At the beginning of the case, Tucker is having his way. Walt looks horrible in the eyes of the jurors, so he decides to settle for the $250,000 insurance policy the county carries, although neither the insurance company nor the county are ever involved in the settlement negotiations. Tucker declines Walt’s settlement offer, saying that he doesn’t want the money, he wants Walt’s land and he wants to ruin Walt. So, the case proceeds.

Then, coincidentally, Tucker is killed and Walt is the main suspect. The judge refuses to declare a mistrial, and Barlow’s estate brings in another prosecutor. Yes, you read that right. They called the plaintiff attorney a prosecutor. Throughout the final episode, the terminology used by the people involved in the case goes back and forth between criminal and civil. They talked about the possibility of Walt being convicted of the murder of Barlow even though he hasn’t been charged with murder. It’s a wrongful death lawsuit. It’s as if the writers had no knowledge—not even the most rudimentary knowledge—of the legal system. I wanted to follow along. I wanted to accept what was happening during the final episode (really, the final season), but it was all too much. I yelled at the TV. I said things like “That’s unrealistic” or “That would never happen” or, when things got particularly bad, “Bullshit.” When I yelled, my dog just stared at me and didn’t comment one way or the other.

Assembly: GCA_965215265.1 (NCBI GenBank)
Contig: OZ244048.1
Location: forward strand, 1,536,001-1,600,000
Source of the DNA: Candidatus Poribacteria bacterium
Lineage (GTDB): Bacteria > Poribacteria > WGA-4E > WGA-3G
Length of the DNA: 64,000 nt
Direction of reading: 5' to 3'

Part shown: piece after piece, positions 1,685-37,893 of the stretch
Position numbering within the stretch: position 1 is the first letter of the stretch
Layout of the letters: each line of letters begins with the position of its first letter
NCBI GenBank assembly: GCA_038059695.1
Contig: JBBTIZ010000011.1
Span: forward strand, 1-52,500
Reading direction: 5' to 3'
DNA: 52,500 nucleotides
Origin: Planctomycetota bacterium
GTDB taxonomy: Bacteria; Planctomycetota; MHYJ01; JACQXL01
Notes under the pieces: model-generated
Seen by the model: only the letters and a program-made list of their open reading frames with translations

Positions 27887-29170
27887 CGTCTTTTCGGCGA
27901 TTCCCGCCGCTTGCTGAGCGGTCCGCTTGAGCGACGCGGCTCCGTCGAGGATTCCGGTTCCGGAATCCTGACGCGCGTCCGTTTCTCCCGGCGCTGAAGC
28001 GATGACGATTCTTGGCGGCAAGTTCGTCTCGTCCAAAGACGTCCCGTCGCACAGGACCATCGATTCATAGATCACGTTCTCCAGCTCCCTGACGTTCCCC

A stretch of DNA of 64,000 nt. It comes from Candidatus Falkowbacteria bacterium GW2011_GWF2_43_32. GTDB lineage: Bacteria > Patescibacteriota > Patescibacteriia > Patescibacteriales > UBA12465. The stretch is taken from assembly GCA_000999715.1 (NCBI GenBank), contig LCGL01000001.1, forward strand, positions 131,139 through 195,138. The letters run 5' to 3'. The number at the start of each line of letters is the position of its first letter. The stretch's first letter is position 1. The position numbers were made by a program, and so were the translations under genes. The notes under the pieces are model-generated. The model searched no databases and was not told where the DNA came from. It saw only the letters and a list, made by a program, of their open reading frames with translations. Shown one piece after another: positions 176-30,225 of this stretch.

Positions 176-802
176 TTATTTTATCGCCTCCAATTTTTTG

Once the trial is over and Connally Enterprises drops the lawsuit, there are about nine minutes left in the show. During those nine minutes, Walt and Vic cement their romance (Something I was NOT cheering for), Walt offers to retire and give his job to his daughter, Cady (It doesn’t work that way), Henry takes over operation of the Casino (But what about The Red Pony and Continual Soiree?), Ferg dresses up in a tux to win back his love, Meg, (although it isn’t clear if Meg is even at work when Ferg shows up at the hospital), and Lucien, Malachi, Branch, Barlow, Tucker, and a host of other good citizens remain dead. All in the final nine minutes.

There are other ridiculous plot points as well. For instance, Walt, a throwback to be sure, but still living in the twenty-first century, keeps his money in glass jars hidden around his house. When it appears he may lose the wrongful death case, he digs a hole on his land and buries the money. As the trial is proceeding, his attorney suggests that he transfer all of his assets to someone else, something that no self-respecting attorney would do at that late date. Even so, Walt tries to sign over his land to his daughter, Cady, also an attorney. She refuses to accept the land, not because it’s probably illegal and, at that point, ineffective, but because she wants Walt to fight to clear his name.

Throughout the show, cops (particularly Walt) break into houses to obtain evidence (which would be excluded if the case ever went to trial in real life), and they act irresponsibly, often in an over-the-top fashion, when the stakes are the highest. For instance, when Walt travels to Denver to track down and kill the guy who killed his wife, or when he goes to Tucker’s house after Tucker is murdered even though he (Walt) is the number one suspect and he’s been temporarily relieved of his duties as sheriff. It’s as if the writers had Walt and the other characters act in the exact opposite way a reasonable, well-constructed character would act.

Is it too much to ask that a show or book make sense, and that the characters act within their character? I think not.

Note: Despite my irritation with these plot problems, I have to say, I enjoyed Longmire. One thing that made the series enjoyable for me was the music. It was terrific, as evidenced by this trailer:

 

Facebooktwitter

Leave a Reply

Your email address will not be published. Required fields are marked *